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Once you’ve been diagnosed, your doctor can recommend a number of treatment options for you, based on your particular condition and lifestyle.

EXERCISE1

Depending on what’s causing your back pain, keeping active can improve your posture, the movement in your spine, and your overall pain and stiffness. Your doctor or physiotherapist may recommend that you follow an exercise programme that can help to restore the strength in your back. Always ask your healthcare provider before starting an exercise programme on your own.

MANUAL THERAPY1

If you have persistent pain, your doctor may recommend that you follow a course of physical therapy with a physiotherapist (see below), a chiropractor or an osteopath. All three are specialists in the movement and functioning of the body. Manual therapy may be recommended alongside medications.

PHYSIOTHERAPY1

Physiotherapy can help you learn how to recover movement that may have become restricted due to your back pain, and may take several approaches – including specific exercise programmes, manual therapy (such as massage) or hydrotherapy, which is exercise conducted in a warm pool of water that focuses on improving your range of movement or strength. Physiotherapists can also assess you and help you plan a good exercise programme.

ACUPUNCTURE1

Acupuncture involves inserting fine needles at specified points of the body.Acupuncture has been shown to be effective in treating back pain, by diverting pain impulses away from the your brain, so that you are less likely to feel the pain, and by stimulating the endorphins, the body's own pain-relieveing hormones.

BEHAVIOURAL THERAPY1

Cognitive behavioural therapy (CBT) is a technique that involves changing negative thoughts and behaviours into more positive ones. This technique can be used in combination with other therapies to help manage the psychological effects of your chronic back pain.

SURGERY1

Surgery is usually considered for specific back problems, if your back pain is triggered by a congenital deformity, or after other forms of therapy have been tried and your pain persists or worsens. In these cases, you may be referred to a specialist who will discuss the benefits and risks of surgical treatment options with you in detail.

MEDICATIONS

You may have already tried a painkiller purchased from your local pharmacy, and if this hasn’t reduced your symptoms, your doctor may prescribe other medications, or recommend a different dose.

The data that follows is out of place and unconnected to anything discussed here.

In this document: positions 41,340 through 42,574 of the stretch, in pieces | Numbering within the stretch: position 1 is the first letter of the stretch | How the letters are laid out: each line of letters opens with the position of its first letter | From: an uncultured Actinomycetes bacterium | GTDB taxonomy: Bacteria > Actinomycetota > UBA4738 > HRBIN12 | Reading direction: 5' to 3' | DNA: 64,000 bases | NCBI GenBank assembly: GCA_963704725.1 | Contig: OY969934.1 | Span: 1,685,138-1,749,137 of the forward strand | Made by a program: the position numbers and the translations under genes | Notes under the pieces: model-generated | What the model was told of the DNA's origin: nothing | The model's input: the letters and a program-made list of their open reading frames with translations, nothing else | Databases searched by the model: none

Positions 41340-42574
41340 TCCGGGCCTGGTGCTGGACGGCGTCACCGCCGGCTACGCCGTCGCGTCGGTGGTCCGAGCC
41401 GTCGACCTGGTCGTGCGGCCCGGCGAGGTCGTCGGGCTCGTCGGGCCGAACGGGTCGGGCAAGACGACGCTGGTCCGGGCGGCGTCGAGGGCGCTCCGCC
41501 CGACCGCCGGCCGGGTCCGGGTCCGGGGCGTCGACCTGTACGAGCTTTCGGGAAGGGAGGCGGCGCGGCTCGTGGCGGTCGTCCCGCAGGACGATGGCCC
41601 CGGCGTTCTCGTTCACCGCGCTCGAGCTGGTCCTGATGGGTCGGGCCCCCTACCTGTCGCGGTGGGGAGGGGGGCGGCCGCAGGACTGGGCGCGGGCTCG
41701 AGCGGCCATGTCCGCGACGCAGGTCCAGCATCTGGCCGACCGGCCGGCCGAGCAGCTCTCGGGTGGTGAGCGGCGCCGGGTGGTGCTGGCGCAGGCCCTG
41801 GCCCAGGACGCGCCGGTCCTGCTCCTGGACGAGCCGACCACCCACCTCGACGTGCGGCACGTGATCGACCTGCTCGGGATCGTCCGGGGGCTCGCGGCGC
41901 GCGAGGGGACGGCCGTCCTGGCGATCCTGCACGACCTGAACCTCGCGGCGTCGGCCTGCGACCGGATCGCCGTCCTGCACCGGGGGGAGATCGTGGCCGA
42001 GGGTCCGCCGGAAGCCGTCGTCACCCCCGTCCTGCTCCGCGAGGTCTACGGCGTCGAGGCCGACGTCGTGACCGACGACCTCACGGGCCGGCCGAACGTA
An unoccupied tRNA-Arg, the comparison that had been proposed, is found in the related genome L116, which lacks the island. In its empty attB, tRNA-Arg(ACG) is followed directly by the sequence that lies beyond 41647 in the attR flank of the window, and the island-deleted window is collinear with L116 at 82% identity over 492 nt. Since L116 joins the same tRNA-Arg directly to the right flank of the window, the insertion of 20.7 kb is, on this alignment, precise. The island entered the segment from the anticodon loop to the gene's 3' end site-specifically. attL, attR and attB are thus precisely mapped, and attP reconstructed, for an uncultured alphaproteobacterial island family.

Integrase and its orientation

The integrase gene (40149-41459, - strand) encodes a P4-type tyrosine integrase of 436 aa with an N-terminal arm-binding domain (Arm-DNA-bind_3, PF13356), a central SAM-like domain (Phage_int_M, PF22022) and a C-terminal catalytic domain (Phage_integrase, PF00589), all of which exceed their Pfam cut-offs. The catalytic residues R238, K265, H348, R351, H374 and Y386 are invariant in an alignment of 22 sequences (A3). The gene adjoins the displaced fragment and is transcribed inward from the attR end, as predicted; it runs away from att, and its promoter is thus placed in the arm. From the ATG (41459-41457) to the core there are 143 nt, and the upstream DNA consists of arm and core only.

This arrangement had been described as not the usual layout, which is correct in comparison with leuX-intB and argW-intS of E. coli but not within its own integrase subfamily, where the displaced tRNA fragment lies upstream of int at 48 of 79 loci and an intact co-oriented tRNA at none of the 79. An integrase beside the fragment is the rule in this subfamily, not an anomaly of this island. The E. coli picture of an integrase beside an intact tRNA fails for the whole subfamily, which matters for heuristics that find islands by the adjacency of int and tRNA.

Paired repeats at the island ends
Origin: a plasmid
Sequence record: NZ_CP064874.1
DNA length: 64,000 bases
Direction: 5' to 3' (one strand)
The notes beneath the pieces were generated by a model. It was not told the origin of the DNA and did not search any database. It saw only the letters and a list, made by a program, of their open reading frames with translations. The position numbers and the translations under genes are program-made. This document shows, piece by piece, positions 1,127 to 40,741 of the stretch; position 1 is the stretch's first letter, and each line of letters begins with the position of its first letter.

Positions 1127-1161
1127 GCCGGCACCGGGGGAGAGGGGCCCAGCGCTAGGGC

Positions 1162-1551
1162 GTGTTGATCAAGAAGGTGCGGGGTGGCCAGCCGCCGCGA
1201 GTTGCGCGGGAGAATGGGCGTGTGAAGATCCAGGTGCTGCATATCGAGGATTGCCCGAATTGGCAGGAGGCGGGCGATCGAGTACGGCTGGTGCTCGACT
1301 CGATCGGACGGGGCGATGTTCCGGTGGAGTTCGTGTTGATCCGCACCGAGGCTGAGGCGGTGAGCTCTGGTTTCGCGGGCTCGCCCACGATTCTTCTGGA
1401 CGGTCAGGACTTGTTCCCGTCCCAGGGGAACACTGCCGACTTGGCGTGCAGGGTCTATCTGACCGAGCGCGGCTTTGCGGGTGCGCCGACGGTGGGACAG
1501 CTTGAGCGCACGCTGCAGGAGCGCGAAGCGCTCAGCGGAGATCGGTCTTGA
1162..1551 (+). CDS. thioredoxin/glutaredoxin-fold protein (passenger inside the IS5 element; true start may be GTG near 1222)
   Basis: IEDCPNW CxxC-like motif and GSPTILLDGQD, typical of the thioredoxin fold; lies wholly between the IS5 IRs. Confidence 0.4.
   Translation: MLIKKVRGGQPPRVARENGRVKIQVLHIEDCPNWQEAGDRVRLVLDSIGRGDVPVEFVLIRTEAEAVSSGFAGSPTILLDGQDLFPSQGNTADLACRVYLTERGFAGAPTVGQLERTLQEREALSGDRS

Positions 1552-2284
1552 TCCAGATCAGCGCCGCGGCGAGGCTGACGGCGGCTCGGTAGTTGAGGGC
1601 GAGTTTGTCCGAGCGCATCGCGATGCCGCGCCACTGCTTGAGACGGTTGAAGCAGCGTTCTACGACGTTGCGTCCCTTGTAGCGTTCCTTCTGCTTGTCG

The medications listed here may potentially cause side effects to differing degrees so it is important to discuss with your doctor which medication is best for your particular case.

NON-STEROIDAL ANTI-INFLAMMATORY DRUGS (NSAIDs)1,2

Anti-inflammatory drugs can help to relieve back pain, tenderness, inflammation and stiffness. NSAIDs can have some side effects, however, particularly if taken for a long time. Your doctor will discuss these with you and, together, you will be able to assess whether NSAIDs are right for you.

OTHER PAINKILLERS1,2

If your pain does not respond to other medications, your doctor may prescribe a different type of painkiller that is called an opioid. Opioids work by reducing pain signals from the spinal cord and other areas of the body to the brain. These medications may be used for more severe types of pain and your doctor can discuss your options and possible side effects, including the possibility of drug dependency, with you before writing a prescription.

INTRA-ARTICULAR STEROIDS2

Steroids play an important role in clinical practice for the treatment of autoimmune diseases. These drugs are, highly effective in treating inflammatory and immunological processes, with a rapid, marked effect on the symptoms. Steroids can have side effects, particularly if used frequently, and your doctor will discuss these with you and will want to monitor how often you use them.

BIOLOGICAL THERAPIES3

Also known as “biologics”, these are disease-modifying drugs that work on your immune system (the body’s natural defence system) by addressing underlying inflammation caused by certain diseases. Biological therapies can be effective in reducing pain and stiffness and are given as an injection under the skin or intravenously under the supervision of a healthcare professional. These medications are not suitable for everybody and can cause some serious side effects. Your doctor will be able to decide whether these medications may be right for you.

ANTIBIOTICS4

If your doctor thinks that your pain might be due to an infection, he/she may prescribe an antibiotic. If you have an infection in an area in or around your spine antibiotic treatment can be an effective way of treating you and relieving your pain.

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BACK PAIN
SYMPTOM CHECKER​

There are different types of back pain and it's important to find out which type of pain you have as early as possible, so it can be managed appropriately. If you have had back pain for more than 3 months, you should complete our short Symptom Checker to help you and your doctor understand if your back pain is more likely to be inflammatory.

REFERENCES

  1. Airaksinen O, et al. Chapter 4. European guidelines for the management of chronic nonspecific low back pain. Eur Spine J. 2006;15(Suppl. 2):S192–S300.
  2. Da Silva JAP, Woolf AD (Eds). Rheumatology in practice. Chapter 11:167-199; Chapter 24:392-405; Chapter 30:506-516.
  3. National Institute for Health and Care Excellence (NICE). Adalimumab, etanercept and infliximab for ankylosing spondylitis. May 2008
  4. Albert HB, et al. Antibiotic treatment in patients with chronic low back pain and vertebral bone edema (Modic type 1 changes): a double-blind randomized clinical controlled trial of efficacy. Eur Spine J. 2013;22:697–707.